Listening Booth: Yaeji’s Borderless House Music

When the house producer Yaeji played an edit of “Renegade Master,” by the late English d.j. Wildchild, last Saturday night, fireworks went off over the Hudson River. They burst through steady rain in plumes of red, yellow, and gold, visible through the window just past the young d.j.’s shoulder as she bopped in the booth of Le Bain, at the top of the Standard Hotel. “Back once again for the renegade master! ‘D’ for damager! Power to the people!” the nasal sample chanted as the tinny rave claps and sirens roused the floor to life. The club was hardly full—Yaeji was playing on the wet and cold night before Mother’s Day—but the track’s frenzied pitch quickly lowered inhibitions. Wearing thin-rimmed glasses and a tight bun, Yaeji pumped her hands spritely in between knob adjustments. The fireworks continued as bodies coalesced under the speakers. A brave soul jumped into a hot tub built into the club’s floor. Three more soon followed.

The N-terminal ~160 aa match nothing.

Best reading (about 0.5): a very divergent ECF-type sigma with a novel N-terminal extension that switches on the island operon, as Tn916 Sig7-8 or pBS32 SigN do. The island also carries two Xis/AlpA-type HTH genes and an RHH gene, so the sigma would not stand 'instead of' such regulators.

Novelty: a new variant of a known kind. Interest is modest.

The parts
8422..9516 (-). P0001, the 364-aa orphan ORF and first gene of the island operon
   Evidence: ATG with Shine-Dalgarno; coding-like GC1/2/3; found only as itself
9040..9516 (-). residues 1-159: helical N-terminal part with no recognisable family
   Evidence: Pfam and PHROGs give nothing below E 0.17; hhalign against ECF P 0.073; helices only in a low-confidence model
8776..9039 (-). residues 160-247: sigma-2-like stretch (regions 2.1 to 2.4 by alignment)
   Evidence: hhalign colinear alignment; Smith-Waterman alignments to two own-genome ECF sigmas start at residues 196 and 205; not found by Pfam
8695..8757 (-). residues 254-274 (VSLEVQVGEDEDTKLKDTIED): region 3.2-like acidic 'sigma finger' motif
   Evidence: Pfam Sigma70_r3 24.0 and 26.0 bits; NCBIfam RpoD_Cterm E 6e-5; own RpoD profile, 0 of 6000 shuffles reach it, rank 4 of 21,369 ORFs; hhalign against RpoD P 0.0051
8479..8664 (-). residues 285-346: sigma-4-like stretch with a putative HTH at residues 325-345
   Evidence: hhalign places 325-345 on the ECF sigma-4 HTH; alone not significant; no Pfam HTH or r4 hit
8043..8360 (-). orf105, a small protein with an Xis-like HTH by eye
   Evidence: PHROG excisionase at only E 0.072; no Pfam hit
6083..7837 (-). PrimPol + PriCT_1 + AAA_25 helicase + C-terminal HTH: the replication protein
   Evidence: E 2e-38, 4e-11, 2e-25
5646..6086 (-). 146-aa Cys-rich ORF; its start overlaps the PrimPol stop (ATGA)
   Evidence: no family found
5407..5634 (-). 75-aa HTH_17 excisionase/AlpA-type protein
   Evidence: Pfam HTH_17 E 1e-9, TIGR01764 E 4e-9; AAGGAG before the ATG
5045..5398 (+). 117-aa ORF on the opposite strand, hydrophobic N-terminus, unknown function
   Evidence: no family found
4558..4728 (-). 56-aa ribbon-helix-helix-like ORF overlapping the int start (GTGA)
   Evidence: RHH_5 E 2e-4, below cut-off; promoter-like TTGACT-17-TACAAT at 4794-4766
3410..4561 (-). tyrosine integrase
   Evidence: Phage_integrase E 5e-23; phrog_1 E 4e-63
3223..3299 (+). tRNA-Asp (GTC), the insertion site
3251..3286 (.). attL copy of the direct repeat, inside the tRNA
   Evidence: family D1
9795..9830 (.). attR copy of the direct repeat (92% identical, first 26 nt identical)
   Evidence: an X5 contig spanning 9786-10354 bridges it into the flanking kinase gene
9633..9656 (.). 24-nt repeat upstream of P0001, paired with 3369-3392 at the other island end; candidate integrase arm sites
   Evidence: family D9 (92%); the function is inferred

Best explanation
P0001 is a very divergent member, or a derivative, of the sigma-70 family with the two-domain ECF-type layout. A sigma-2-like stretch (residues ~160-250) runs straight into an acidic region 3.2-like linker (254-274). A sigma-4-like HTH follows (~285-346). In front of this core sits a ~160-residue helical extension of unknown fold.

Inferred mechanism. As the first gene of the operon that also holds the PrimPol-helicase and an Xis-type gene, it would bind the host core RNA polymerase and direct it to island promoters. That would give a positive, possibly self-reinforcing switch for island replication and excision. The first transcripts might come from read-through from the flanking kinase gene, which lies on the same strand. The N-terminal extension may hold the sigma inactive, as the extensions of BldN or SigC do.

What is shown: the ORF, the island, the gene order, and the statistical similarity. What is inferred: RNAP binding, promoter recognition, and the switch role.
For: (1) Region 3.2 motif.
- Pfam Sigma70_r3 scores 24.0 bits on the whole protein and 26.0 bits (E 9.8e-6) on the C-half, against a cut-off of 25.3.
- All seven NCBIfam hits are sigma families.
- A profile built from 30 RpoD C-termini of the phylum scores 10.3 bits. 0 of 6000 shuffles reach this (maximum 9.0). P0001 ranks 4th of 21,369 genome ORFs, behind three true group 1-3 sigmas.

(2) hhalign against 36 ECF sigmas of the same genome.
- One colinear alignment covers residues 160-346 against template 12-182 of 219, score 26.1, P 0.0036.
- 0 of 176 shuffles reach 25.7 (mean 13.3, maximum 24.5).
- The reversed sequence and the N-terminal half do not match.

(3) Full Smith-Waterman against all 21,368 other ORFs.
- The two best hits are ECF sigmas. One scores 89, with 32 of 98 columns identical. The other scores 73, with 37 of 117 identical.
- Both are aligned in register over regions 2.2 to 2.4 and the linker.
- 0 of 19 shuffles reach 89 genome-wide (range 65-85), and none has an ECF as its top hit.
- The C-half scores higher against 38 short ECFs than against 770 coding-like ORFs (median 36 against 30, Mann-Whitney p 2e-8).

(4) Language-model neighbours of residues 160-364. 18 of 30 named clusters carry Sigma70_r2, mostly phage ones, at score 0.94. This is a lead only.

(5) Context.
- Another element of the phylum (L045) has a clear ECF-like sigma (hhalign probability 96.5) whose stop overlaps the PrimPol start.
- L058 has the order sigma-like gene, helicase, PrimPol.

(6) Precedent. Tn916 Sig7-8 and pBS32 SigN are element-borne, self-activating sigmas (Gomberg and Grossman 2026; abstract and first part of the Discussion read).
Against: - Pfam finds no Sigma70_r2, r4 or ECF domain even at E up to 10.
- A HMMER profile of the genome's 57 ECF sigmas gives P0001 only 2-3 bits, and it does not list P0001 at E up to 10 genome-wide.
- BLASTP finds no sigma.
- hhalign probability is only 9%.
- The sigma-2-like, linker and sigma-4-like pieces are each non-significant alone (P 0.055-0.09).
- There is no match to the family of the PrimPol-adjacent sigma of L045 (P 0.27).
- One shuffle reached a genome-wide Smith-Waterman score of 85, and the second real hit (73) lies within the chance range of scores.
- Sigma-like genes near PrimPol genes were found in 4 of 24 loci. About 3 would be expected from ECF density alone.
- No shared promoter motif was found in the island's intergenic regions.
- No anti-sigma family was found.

I learned days later that the fireworks weren’t a hallucination. The National Ethnic Coalition of Organizations had staged the display as part of its thirty-first Ellis Island Medals of Honor ceremony, which is “presented annually to American citizens who have distinguished themselves within their own ethnic groups while exemplifying the values of the American way of life.” Consider it a fitting coincidence: Yaeji, a twenty-three-year-old Queens native, was born Kathy Lee. She splits her time between New York and Seoul, and nimbly reckons with her Korean-American world view in her music. When she was a child, her parents moved her to South Korea, fearing she would become too “Americanized.” She returned to the city as a teen-ager. Across her début, a five-track, self-titled EP of rubbery house, released in March, Yaeji sings in English and Korean in a dim, squirrelly deadpan, and her icy productions ebb and flow like a dinghy. During her d.j. set at Le Bain, she slipped in her track “Feel It…

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